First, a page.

Motor Industry

Part of the debate – in the House of Commons at 5:50 pm on 12th December 1983.

Alert me about debates like this

Photo of Alan Williams Alan Williams , Swansea West 5:50 pm, 12th December 1983

Yes, a convenient reference point with no debating significance.

Since 1968, the last full year of the Labour Government, United Kingdom production has declined massively. Production was 25 per cent. down on the 1968 level in 1980. It remained 25 per cent. down in 1981 and in 1982. In those three years, under the present Administration, the equivalent of nine months of the 1978 production was lost. That was not because of disputes or industrial arguments but substantially because of industrial wreckers in Whitehall.

In the period that we lost 75 per cent. of the 1978 output West Germany lost only 23 per cent., France only 33 per cent. and Italy only 34 per cent. Japan's increase is not comparable, so it would not be valid or fair for me to make the comparison, but its production increased by over 20 per cent. in each of the three years. That was an abnormal phenomenon.

The world recession was not the cause of over half the lost production in those three years. It did not have the same impact on our major competitors in Europe. Far more devastating for the United Kingdom industry were the policies pursued by the United States-owned car companies in the United Kingdom and by this Government. The Government's policy was to push up inflation, which caused high interest rates, and the high rate of sterling made products uncompetitive.

Even now, with inflation back to the same level as it is in Germany, our interest rates are twice as high. Much of the damage that has been, and is being, suffered is a result of Government action. The effect is seen in the crumbling performance of the British car industry. Traditionally, we have exported between 30 per cent. and 40 per cent. of our output. Yet, in 1980 exports were 35 per cent. below the 1978 level, mainly because of the high price of sterling. In 1981 exports were 38 per cent. below the 1978 level and in 1982, 52 per cent. below.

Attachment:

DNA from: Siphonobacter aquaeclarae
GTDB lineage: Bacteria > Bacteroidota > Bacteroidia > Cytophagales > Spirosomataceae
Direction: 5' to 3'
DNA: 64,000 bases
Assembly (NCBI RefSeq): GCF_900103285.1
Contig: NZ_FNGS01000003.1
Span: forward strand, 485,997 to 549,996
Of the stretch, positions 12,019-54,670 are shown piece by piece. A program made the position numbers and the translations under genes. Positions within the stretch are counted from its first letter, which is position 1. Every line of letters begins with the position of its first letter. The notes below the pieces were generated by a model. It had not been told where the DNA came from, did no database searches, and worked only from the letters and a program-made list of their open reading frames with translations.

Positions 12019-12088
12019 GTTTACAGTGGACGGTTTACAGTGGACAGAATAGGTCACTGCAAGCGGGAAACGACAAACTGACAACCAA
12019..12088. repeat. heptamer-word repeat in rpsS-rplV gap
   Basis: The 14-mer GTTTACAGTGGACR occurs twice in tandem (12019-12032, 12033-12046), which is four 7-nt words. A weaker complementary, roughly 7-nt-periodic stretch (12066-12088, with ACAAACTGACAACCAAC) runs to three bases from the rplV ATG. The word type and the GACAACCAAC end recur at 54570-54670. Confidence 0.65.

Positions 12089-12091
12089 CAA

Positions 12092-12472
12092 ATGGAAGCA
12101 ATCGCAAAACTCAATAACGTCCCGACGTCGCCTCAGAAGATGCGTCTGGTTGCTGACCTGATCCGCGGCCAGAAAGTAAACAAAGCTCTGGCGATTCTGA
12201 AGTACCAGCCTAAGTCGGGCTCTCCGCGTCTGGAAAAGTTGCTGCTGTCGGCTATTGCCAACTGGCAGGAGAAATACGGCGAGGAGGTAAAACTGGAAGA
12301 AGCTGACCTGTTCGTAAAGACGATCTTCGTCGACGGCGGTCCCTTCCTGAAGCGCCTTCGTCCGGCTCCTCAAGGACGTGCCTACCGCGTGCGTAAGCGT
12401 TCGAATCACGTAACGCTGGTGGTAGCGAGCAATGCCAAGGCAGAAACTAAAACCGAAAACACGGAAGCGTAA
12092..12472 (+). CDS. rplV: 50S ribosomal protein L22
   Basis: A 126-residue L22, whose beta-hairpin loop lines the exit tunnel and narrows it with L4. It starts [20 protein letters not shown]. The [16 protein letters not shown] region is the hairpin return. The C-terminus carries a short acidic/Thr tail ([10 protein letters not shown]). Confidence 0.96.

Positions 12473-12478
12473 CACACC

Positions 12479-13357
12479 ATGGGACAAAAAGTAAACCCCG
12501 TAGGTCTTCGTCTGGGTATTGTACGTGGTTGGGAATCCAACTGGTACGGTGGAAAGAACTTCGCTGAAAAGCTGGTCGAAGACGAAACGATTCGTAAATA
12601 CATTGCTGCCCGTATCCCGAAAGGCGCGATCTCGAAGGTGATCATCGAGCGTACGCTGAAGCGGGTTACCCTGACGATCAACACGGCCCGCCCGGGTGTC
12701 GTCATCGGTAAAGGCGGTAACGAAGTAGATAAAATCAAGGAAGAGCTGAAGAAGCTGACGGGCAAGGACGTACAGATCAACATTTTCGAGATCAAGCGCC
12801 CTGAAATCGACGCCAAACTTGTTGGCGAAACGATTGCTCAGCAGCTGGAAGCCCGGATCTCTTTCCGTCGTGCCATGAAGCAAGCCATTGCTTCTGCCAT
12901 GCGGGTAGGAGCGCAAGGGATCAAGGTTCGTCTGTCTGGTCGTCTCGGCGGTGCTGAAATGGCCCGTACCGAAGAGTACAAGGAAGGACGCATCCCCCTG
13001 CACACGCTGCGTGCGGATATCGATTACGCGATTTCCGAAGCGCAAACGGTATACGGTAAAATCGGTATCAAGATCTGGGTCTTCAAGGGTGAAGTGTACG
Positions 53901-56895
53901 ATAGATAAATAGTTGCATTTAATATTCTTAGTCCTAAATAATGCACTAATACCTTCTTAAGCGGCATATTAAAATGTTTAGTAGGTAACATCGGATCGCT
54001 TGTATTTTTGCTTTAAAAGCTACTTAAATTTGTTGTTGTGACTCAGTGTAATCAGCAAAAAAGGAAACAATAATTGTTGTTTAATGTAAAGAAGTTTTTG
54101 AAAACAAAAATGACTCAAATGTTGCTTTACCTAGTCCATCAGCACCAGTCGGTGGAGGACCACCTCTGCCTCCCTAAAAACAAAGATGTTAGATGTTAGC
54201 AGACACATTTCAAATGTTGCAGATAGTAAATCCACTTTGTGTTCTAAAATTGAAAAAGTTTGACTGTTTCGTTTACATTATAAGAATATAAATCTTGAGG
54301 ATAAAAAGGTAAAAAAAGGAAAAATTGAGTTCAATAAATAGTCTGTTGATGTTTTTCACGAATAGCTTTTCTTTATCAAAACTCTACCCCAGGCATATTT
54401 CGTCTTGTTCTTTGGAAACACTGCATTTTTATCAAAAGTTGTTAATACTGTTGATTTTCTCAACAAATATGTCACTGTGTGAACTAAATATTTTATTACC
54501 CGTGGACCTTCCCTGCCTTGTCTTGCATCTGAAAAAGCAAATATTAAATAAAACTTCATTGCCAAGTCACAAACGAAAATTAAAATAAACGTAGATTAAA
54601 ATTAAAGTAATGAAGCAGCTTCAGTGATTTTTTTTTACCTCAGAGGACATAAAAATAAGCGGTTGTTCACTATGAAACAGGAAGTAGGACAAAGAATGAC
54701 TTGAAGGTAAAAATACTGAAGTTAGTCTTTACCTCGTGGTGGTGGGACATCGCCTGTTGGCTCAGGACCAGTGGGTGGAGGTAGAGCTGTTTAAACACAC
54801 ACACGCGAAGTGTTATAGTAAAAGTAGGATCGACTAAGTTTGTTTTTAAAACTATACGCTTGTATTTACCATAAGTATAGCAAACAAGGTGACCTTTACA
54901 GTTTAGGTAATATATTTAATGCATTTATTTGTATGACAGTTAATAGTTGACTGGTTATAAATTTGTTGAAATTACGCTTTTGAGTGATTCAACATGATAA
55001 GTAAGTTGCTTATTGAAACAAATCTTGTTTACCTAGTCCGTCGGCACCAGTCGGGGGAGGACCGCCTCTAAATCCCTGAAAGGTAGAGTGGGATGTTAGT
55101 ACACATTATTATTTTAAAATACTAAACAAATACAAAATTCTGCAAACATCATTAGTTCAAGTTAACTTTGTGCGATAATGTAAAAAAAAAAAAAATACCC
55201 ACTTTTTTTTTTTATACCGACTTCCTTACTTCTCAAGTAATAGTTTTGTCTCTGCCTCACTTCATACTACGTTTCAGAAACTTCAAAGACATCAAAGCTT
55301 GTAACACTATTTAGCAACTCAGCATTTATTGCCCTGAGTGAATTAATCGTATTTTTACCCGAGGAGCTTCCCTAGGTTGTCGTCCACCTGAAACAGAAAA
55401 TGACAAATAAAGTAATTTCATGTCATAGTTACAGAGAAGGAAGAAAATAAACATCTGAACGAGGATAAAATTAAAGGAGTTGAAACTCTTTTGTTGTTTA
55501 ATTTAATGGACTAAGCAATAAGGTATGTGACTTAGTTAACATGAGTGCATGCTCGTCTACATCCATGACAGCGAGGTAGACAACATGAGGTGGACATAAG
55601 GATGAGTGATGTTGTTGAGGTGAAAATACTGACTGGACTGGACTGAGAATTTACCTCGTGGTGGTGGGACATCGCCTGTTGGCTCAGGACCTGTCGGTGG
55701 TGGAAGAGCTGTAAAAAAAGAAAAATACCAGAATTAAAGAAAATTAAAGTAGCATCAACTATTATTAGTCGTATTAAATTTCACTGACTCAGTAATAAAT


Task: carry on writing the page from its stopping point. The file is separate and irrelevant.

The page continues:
At a time when our export sales were disintegrating, imports were rising. As the hon. Member for Northfield said, imports will reach a record level this year as a result of the high value of sterling, which makes us uncompetitive, and as a result of the policy of Ford and Vauxhall to source production so massively abroad for sales within the United Kingdom. Most Vauxhall sales here today involve little more than assembly kits. Even the design teams are being taken from Britain, although Britain has been famed for years for the quality of its design.

Contrary to popular public opinion, nearly all the extra import penetration between 1975 and 1983 is not attributable to the Japanese. Japan's import penetration has been constant. Nearly all the extra import penetration from 1975 to 1983 has been the result of internal policy decisions of Ford and Vauxhall, leading to the tied imports that they have brought into this country. Even their so-called British cars have a higher import content than they did. In November, Vauxhall spoke of having reached 16 per cent. sales in the United Kingdom market, yet only 46 per cent. of the cars it sold were produced in the United Kingdom. Indeed, I received a letter from one of its factories this moring which claims that a small company of which General Motors is a shareholder is assembling Japanese Itzu vehicles, small vans, in Portugal, badging them as Bedford and selling them in the traditional Bedford markets.

It is small wonder that, while we have witnessed this enormous penetration of the British market by the European producer, we saw, by contrast, a British export penetration of the EC of less than 2 per cent. By 1982 we had a deficit on car production of £973 million and, as has been pointed out, this year we will have a deficit of more than £2 billion.